MOSCOW, NOV. 16 -- President Mikhail Gorbachev promised today to reshuffle the Soviet government and military leaderships in an attempt to win back public confidence, but came under fire for political indecisiveness from both left and right.

Addressing an emergency session of the federal legislature, or Supreme Soviet, called to debate the state of the nation, Gorbachev accused his opponents of seeking to exploit the deepening economic and social crisis in order to launch "a real struggle for power." He called on the country's restless republics to respect a political truce with the Kremlin until the negotiation of a new union treaty clarifying the precise division of powers in a reformed Soviet federation.

The president's 70-minute speech failed to satisfy many leaders of the republics who had been summoned to Moscow to attend the session of the Supreme Soviet. The session, which will continue over the weekend, is taking place in a tense atmosphere after deputies threw out their previous agenda on Wednesday after complaining about a paralysis of political power.

Russian President Boris Yeltsin, who is widely regarded as Gorbachev's most prominent political rival, called for the immediate formation of an "extraordinary anti-crisis committee" made up of representatives of all 15 republics. Yeltsin also demanded the dismissal of the federal government headed by Prime Minister Nikolai Ryzhkov, which he described as the "major power base for the conservative forces in this country."

"The crisis we are experiencing today is a crisis of a totalitarian state, which is reflected in the paralysis of power," said the strapping, silver-haired Yeltsin. "The people's patience is ending and an explosion could occur at any time."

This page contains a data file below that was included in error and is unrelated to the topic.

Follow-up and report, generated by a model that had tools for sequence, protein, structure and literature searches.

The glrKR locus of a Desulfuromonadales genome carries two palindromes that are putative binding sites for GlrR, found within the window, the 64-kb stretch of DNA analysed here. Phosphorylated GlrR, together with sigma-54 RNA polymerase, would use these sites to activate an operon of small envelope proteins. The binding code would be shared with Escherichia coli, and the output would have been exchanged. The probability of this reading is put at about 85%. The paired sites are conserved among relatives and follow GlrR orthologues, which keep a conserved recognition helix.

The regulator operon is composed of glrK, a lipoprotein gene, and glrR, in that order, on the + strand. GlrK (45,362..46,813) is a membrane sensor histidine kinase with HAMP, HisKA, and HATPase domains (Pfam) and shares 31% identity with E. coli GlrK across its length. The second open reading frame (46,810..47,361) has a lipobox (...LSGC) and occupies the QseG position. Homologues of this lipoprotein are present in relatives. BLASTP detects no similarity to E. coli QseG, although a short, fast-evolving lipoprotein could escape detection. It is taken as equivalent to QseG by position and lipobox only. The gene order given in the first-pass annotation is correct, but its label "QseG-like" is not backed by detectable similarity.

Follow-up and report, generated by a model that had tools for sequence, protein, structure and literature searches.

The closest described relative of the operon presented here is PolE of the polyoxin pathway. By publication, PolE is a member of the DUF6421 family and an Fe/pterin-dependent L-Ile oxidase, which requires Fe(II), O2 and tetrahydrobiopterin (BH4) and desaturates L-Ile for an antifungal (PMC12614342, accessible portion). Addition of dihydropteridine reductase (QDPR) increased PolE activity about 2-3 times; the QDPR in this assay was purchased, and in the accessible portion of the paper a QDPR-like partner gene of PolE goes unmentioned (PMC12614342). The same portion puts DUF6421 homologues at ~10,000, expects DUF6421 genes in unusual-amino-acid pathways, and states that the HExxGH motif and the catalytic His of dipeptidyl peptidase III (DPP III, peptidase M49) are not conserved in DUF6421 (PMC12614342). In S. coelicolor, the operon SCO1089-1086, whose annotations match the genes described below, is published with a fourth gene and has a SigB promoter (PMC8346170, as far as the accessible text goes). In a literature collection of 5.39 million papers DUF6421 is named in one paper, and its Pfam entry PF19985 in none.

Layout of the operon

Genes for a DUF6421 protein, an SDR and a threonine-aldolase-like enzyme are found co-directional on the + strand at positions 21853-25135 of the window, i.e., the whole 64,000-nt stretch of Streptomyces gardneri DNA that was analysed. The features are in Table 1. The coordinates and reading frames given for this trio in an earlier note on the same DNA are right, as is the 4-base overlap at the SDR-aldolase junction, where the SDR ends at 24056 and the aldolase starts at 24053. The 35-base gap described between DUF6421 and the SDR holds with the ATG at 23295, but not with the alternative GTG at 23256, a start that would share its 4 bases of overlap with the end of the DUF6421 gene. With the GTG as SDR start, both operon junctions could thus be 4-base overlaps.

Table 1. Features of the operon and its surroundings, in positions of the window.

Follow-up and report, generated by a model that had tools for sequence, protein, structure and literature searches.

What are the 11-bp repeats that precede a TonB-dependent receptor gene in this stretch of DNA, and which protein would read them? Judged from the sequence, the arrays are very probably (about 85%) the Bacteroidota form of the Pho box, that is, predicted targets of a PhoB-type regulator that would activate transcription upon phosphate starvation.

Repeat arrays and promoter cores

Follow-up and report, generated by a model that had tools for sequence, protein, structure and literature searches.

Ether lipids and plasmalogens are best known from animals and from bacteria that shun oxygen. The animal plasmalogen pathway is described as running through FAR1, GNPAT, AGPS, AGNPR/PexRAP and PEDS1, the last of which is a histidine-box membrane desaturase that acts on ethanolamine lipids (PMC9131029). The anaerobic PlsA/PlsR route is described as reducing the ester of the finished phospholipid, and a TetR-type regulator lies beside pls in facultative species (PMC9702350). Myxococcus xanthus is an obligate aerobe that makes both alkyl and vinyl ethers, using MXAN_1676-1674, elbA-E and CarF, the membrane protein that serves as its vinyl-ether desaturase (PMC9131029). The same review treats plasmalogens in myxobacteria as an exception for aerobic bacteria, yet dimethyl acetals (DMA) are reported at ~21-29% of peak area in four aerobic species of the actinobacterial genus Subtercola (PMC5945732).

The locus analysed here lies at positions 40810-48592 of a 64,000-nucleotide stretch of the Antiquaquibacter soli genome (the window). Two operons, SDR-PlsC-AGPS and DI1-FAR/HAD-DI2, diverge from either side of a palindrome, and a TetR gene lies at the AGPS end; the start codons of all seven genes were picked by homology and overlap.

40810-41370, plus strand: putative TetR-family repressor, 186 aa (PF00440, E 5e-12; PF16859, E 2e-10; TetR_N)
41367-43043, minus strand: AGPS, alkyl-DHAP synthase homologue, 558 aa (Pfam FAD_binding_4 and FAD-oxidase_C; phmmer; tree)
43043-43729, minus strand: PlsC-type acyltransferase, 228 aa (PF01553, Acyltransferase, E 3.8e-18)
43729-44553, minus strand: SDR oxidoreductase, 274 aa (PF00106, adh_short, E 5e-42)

Gorbachev, who leaves Sunday for a brief visit to Rome before the 34-nation European summit in Paris, made clear that he has no intention of sacrificing Ryzkhov at this point. He said the 61-year-old prime minister agreed that it is necessary to broaden the social base of the government to include "politicians and experts who are most popular and enjoy wide social support."

The president linked his revelation of imminent "personnel changes at the highest level of command in the armed forces" to promises to act decisively to defend the army from "slanderous" attacks by opposition groups. He gave no details about the proposed changes, but an unofficial servicemen's union said recently that Defense Minister Dmitri Yazov is likely to be replaced by one of his deputies, Army Gen. Petr Lushev.

Since becoming defense minister in 1987, Yazov has gained a reputation for political loyalty to Gorbachev, but he has generally been rated as a poor administrator and a bluff officer of the old school, rather than an innovator.

Further political pressure on Gorbachev came from Communist Party hard-liners who are demanding a halt to his perestroika reform program. The leader of the Russian Communist Party, Ivan Polozkov, called on the president to take the "strongest possible measures" to restore law and order in the country, adding that continuing inactivity by the authorities "could lead us to reconsider our attitude to the center."

"Today we are faced with the fact that socialist perestroika is being transformed into something else," wrote Polozkov in the newspaper Sovietskaya Rossiya. He argued that Gorbachev's reforms have allowed speculators to flourish, weakened the Soviet defense industry and left the country without military allies following the collapse of the Soviet-led Warsaw Pact.